This case concerns the application of a mobilehome rent control ordinance, and some background on the unique situation of the mobilehome owner in his or her relationship to the mobilehome park owner may be useful. “The term ‘mobilehome’ is somewhat misleading. Mobile homes are largely immobile as a practical matter, because the cost of moving one is often a significant fraction of the value of the mobile home itself. They are generally placed permanently in parks; once in place, only about 1 in every 100 mobile homes is ever moved. [Citation.] A mobile home owner typically rents a plot of land, called a ‘pad,’ from the owner of a mobile home park. The park owner provides private roads within the park, common facilities such as washing machines or a swimming pool, and often utilities. The mobile home owner often invests in site-specific improvements such as a driveway, steps, walkways, porches, or landscaping. When the mobile homeowner wishes to move, the mobile home is usually sold in place, and the purchaser continues to rent the pad on which the mobile home is located.” (Yee v. Escondido (1992) 503 U.S. 519, 523, 112 S.Ct. 1522, 118 L.Ed.2d 153.) Thus, unlike the usual tenant, the mobilehome owner generally makes a substantial investment in the home and its appurtenances—typically a greater investment in his or her space than the mobilehome park owner. [cite omitted] The immobility of the mobilehome, the investment of the mobilehome owner, and restriction on mobilehome spaces, has sometimes led to what has been perceived as an economic imbalance of power in favor of mobilehome park owners. (Galland v. Clovis, 24 Cal.4th 1003, 1009 (2001))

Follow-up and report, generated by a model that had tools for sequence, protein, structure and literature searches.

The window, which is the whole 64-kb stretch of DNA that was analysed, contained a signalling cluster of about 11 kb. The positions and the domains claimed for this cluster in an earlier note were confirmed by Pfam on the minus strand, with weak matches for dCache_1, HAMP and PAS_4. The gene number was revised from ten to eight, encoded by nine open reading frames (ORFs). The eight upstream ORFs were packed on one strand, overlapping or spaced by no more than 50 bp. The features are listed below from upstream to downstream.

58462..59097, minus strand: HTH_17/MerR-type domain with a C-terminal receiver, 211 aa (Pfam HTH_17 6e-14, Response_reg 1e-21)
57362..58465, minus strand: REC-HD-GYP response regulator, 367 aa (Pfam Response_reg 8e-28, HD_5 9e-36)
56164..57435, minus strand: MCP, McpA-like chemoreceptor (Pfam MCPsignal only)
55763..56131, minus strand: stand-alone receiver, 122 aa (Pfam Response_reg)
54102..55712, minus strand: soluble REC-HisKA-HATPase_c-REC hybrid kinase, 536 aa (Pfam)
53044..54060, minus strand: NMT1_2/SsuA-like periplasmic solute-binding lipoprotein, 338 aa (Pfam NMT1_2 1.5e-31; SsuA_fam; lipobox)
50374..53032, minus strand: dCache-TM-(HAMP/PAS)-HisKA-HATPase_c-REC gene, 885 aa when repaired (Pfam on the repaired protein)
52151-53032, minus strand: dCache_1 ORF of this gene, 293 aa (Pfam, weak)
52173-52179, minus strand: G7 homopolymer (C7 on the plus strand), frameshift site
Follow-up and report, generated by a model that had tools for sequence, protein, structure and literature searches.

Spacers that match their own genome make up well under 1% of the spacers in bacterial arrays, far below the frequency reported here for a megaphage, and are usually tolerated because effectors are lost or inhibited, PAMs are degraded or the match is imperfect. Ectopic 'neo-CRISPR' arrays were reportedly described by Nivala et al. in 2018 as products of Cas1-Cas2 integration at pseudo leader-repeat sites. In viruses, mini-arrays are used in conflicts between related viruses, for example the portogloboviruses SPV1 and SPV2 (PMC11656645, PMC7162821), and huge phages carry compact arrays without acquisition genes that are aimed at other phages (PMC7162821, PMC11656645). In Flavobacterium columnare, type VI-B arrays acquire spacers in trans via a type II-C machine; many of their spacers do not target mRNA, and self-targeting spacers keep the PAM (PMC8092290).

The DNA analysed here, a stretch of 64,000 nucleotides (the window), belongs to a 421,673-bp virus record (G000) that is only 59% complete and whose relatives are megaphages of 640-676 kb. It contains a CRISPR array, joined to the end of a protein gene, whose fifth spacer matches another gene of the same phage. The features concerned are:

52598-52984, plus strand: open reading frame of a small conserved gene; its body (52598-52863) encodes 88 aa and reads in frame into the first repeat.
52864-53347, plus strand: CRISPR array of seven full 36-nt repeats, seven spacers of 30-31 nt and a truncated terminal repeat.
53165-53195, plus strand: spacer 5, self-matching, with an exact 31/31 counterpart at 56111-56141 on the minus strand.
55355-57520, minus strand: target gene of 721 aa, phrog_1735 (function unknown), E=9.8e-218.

Court opinions and academic reviews have repeatedly noted the captive nature of mobile home park tenancies. For example, in one case the Florida Supreme Court concluded that mobile home owners face an “absence of meaningful choice” when their space rents are increased:
Where a rent increase by a park owner is a unilateral act, imposed across the board on all tenants and imposed after the initial rental agreement has been entered into, park residents have little choice but to accept the increase. They must accept it or, in many cases, sell their homes or undertake the considerable expense and burden of uprooting and moving. The “absence of meaningful choice” for these residents, who find the rent increased after their mobile homes have become affixed to the land, serves to meet the class action requirement of procedural unconscionability. Lanca Homeowners, Inc. v. Lantana Cascade of Palm Beach, Ltd., 541 So. 2d 1121, 1124 (Fla.), cert. denied, 493.
In response to the special situation of mobile home park residents, California has adopted landlord-tenant laws which provide special protections for mobile home park tenants. (California Civil Code Section 798.)